backyard baby (390x351)

A quick way to add some dimension and decorative flair to your quilt is by adding a flange. On the pattern, Backyard Baby, we add it as one of the ways to transition the borders from one to the other. A flange can be used between borders or before you attach your binding. Using Backyard Baby as our pattern, I’m going to show you just how easy adding a flange is!

Cut (3) 1″ strips WOF.

Flange tutorial

Connect all 3 strips on the diagonal…just like you would when you prepare a binding.

Flange tutorial

Trim the seam to 1/4″ and press open.

Flange tutorial

Press your flange wrong sides together lengthwise.

Flange tutorial

Starting on one side of the quilt, place raw edges together and the the folded edge of your flange facing in towards the quilt.

Flange tutorial

At this point we’re basically going to baste the flange to the quilt. I use a normal stitch length and about an 1/8″ seam allowance.

Flange tutorial

When you come to the end of the first side of the quilt, stop and trim the flange even with the bottom.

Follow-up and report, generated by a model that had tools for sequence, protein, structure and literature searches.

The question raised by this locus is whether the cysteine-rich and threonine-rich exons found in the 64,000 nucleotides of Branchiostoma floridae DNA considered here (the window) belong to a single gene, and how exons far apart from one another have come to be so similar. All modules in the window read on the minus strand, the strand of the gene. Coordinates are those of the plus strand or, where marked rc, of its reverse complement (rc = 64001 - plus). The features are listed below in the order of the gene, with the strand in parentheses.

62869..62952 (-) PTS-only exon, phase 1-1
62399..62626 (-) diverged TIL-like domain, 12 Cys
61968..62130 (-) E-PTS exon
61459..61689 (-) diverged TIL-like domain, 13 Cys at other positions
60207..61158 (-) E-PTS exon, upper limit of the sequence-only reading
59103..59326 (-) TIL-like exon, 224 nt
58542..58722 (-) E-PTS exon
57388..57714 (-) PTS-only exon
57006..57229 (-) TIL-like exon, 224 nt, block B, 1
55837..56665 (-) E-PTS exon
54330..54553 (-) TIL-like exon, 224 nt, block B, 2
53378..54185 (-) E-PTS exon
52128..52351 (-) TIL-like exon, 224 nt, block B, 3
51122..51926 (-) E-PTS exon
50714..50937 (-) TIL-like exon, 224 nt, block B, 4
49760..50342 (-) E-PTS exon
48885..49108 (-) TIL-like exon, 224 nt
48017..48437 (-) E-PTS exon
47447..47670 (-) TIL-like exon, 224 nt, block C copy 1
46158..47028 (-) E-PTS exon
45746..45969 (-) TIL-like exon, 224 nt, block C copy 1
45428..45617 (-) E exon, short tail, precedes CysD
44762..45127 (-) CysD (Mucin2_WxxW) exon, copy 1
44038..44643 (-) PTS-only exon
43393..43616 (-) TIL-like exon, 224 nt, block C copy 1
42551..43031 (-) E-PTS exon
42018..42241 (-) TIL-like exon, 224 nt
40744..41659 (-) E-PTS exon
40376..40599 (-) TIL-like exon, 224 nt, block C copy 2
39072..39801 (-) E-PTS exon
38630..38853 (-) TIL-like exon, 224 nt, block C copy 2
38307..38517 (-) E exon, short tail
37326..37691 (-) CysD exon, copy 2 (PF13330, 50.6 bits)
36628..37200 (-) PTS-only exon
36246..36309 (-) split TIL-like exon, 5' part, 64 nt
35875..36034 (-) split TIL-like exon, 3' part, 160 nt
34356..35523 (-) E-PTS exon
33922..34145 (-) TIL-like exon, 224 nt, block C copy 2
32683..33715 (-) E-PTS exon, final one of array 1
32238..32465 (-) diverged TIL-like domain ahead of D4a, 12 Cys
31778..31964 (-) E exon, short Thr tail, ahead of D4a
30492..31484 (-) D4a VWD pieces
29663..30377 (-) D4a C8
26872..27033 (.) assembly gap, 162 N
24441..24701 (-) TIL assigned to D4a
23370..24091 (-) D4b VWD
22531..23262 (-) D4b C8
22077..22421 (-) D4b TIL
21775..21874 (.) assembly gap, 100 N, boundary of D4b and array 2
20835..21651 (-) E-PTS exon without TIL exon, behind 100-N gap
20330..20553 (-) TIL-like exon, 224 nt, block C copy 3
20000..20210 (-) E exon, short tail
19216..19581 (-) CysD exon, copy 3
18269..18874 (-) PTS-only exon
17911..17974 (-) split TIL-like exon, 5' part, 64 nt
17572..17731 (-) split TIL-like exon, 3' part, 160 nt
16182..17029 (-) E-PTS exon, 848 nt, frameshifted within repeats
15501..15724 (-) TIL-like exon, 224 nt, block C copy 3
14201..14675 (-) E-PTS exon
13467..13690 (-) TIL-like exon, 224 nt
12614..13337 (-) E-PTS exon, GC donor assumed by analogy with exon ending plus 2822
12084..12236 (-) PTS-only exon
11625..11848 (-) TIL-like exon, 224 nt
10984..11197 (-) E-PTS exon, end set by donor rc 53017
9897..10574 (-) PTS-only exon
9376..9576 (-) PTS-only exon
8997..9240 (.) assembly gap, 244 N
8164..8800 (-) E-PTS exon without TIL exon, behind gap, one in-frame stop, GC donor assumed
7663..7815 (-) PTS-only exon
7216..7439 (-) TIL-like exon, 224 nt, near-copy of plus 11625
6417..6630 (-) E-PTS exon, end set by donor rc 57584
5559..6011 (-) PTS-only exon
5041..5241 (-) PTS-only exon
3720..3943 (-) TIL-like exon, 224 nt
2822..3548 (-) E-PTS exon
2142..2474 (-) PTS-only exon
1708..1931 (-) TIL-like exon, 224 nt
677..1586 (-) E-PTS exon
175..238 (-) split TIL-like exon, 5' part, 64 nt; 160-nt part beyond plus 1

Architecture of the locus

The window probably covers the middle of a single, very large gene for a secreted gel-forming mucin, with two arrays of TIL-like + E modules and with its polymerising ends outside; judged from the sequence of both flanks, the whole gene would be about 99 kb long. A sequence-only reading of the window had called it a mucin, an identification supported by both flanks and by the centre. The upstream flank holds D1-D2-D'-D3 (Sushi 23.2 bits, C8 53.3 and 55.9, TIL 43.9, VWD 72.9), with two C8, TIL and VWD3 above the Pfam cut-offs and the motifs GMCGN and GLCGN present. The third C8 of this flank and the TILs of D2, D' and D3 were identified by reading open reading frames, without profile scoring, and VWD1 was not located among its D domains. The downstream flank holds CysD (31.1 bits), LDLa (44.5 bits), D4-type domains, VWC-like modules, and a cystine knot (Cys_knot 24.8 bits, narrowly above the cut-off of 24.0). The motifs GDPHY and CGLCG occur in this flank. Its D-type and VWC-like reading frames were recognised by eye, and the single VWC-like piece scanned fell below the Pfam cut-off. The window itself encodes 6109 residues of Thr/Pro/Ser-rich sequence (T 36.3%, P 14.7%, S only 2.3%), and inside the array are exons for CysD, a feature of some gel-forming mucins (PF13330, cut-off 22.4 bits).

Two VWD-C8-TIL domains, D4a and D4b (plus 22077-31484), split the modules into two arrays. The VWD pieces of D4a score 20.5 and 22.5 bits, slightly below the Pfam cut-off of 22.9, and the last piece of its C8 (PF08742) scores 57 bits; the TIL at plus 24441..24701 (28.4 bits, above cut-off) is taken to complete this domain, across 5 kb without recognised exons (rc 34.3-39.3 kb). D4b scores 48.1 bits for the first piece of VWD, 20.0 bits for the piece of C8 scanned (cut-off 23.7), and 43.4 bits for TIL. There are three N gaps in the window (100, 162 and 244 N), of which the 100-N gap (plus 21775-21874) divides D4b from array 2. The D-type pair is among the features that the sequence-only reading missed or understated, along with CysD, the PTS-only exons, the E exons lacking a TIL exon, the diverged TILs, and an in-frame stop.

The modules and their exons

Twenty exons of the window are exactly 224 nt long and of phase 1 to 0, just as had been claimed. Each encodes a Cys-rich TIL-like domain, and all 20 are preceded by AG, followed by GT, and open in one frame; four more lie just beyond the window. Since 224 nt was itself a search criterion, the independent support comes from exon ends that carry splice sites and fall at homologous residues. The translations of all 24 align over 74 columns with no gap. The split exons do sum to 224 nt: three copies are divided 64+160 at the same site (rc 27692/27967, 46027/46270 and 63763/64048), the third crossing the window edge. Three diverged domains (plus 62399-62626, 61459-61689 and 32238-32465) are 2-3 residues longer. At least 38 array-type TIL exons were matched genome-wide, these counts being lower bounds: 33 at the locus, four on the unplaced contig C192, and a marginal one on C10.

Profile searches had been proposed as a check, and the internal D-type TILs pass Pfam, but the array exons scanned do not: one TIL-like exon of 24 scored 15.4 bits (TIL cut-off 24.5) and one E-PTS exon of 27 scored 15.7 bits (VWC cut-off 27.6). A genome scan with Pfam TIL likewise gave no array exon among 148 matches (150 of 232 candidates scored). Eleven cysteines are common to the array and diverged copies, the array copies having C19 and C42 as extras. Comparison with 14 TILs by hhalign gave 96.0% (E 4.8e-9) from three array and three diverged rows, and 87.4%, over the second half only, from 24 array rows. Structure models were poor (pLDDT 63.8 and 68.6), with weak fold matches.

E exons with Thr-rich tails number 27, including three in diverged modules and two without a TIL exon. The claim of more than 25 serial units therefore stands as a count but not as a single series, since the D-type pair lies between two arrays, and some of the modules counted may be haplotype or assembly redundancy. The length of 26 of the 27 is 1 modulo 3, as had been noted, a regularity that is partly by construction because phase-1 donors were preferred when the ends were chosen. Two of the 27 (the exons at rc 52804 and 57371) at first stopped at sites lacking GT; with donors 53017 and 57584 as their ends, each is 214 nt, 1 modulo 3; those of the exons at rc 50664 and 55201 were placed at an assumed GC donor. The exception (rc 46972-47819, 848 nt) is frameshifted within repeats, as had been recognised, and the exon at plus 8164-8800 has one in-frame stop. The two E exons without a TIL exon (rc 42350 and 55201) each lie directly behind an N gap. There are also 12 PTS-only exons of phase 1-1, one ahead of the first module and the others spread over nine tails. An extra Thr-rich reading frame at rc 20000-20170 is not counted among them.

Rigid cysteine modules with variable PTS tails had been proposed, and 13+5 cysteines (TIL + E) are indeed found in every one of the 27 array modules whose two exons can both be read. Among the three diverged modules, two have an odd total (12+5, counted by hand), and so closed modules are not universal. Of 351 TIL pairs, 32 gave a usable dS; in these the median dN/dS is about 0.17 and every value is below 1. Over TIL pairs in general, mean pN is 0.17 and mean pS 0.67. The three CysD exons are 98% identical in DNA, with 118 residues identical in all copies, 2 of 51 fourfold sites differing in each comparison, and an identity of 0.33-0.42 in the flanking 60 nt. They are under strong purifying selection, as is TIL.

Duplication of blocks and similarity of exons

You’ll notice that I did not cut and measure my flange according to the length of each side, but instead left all three lengths a continuous piece and trimmed as I went. Since Backyard Baby is a small quilt, I feel the risk of stretching it out of proportion is minimal…and I’m a wee bit lazy… But if you feel you’d rather cut the specific flange lengths, then you would first cut (4) 27-1/2″ pieces and proceed with the following steps. If you are adding a flange to a larger quilt or the binding on a different quilt, please measure your sides and pre-cut your flange accordingly to ensure that you do not stretch your sides. This will keep your quilt ‘squared up’.

Flange tutorial

Turn the quilt to work on the next side. Place your flange right on top of the first flange, and continue basting this side until you reach the bottom, and trim again.

Flange tutorial

Repeat for all four sides of your quilt.

Flange tutorial

At this point, you’ll begin adding your borders, right on top of the flange, using a 1/4″ seam allowance. Basically pretending your flange isn’t even there. And your end result should look something like this…

Flange tutorial